Breeding a better stove: the use of computational fluid dynamics and genetic algorithms to optimise a wood burning stove for Eritrea

Burnham-Slipper, Hugh (2009) Breeding a better stove: the use of computational fluid dynamics and genetic algorithms to optimise a wood burning stove for Eritrea. PhD thesis, University of Nottingham.

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Improved cooking stoves can bring significant benefits to women and children in rural African situations, due to reduced fuel consumption and improved indoor air quality. This investigation focuses on the use of Computational Fluid Dynamics (CFD) and Genetic Algorithms (GAs) to optimise a stove for Eritrea.

Initial work focussed on developing a model of wood combustion in a fixed bed. An experimental investigation was carried out on regular wood cribs to determine the burn rate and temperature field above a wood fire. The experimental data was used to develop a numerical model using CFD software Fluent 6.2 and user-defined functions for the fixed bed of fuel. The model assumed that pyrolysis was limited by heat transfer through the fuel, and that char combustion was limited by oxygen diffusion to the fuel surface. Simulation results yielded a mean and maximum error of 16% and 42% respectively in fuel burn rate.

In the second phase of the investigation, the numerical model of wood combustion was used as part of a larger CFD model to capture the behaviour of a complete stove. The model was compared with experimental data for rocket type stoves with different geometries. The model correctly identified the trends of fuel burn rate and heat transfer in the experimental data, though agreement with experimental values was poor and the model exhibited significant errors when altering stove height and diameter.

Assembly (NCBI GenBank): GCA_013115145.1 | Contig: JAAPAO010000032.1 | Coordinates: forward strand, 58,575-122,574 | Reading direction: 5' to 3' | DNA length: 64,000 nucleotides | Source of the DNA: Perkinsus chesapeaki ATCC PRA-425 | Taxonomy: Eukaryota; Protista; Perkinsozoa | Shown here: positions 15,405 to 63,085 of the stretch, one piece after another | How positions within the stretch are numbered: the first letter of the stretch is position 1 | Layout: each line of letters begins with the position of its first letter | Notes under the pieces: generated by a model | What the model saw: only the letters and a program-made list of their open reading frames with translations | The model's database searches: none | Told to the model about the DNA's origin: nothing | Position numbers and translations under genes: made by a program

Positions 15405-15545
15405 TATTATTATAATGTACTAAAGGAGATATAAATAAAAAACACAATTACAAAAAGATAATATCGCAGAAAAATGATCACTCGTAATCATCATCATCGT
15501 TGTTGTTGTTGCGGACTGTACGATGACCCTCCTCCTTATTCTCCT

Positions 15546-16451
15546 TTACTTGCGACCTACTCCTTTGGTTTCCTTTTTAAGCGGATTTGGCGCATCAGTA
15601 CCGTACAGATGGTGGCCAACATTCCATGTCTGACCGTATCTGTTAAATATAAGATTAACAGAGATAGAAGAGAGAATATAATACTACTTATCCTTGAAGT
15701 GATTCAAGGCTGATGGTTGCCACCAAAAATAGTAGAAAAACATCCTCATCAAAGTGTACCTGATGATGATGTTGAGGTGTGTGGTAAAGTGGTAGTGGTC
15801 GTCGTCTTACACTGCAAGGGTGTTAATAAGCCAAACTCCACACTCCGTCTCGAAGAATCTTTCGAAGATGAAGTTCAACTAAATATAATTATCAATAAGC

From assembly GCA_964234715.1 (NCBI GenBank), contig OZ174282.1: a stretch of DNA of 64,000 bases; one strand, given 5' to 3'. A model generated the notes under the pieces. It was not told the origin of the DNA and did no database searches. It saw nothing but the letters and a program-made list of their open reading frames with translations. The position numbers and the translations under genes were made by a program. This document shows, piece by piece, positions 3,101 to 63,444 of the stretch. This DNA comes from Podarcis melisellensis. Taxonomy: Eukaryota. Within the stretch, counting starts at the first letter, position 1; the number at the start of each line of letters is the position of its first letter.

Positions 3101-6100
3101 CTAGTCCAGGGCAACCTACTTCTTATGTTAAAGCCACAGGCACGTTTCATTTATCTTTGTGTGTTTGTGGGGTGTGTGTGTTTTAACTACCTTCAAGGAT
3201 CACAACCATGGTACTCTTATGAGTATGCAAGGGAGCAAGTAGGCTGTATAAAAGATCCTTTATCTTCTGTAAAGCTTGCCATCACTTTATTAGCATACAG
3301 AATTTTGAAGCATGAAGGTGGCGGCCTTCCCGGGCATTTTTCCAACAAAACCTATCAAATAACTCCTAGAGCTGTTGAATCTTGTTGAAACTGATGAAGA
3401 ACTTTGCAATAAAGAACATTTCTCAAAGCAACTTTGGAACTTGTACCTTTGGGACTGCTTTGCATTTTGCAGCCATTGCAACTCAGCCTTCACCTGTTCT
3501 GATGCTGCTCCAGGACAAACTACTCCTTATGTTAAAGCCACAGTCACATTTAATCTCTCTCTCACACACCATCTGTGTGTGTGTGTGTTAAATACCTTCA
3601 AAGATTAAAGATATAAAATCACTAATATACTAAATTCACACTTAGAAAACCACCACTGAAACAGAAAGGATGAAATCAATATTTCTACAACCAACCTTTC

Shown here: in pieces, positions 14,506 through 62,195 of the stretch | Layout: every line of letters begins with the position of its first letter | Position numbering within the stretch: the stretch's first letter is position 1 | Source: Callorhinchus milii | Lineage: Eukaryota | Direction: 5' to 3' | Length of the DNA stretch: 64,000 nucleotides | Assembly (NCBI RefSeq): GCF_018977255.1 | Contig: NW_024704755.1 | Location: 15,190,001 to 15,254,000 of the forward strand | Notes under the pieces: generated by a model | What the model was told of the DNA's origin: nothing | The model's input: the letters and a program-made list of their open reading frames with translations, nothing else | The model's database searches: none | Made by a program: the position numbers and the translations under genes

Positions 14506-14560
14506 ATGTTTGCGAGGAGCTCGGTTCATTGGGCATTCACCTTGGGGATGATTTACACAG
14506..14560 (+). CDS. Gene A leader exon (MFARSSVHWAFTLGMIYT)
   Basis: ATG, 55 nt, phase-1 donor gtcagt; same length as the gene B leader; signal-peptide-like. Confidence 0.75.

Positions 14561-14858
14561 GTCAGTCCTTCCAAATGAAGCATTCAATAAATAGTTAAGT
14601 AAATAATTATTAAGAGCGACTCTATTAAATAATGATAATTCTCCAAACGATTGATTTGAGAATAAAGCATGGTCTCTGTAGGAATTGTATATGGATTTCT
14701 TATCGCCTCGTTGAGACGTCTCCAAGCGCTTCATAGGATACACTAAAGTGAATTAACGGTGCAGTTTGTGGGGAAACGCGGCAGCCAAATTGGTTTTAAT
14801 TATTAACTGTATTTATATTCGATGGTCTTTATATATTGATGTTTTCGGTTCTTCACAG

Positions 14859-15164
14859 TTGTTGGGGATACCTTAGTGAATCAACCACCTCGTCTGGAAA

In the final phase of the investigation, the stove model was used in conjunction with a genetic algorithm to optimise the stove shape. Two methods of genetic coding were investigated. The resulting stove is expected to half fuel consumption compared to the classic mogogo stove, though this remains to be experimentally verified.

Item Type: Thesis (University of Nottingham only) (PhD)
Supervisors: Clifford, M.J.
Pickering, S.
Subjects: T Technology > TA Engineering (General). Civil engineering (General) > TA 357 Fluid mechanics
Faculties/Schools: UK Campuses > Faculty of Engineering > Department of Mechanical, Materials and Manufacturing Engineering
Item ID: 10669
Depositing User: EP, Services
Date Deposited: 09 Feb 2009 11:29
Last Modified: 14 Oct 2017 16:16

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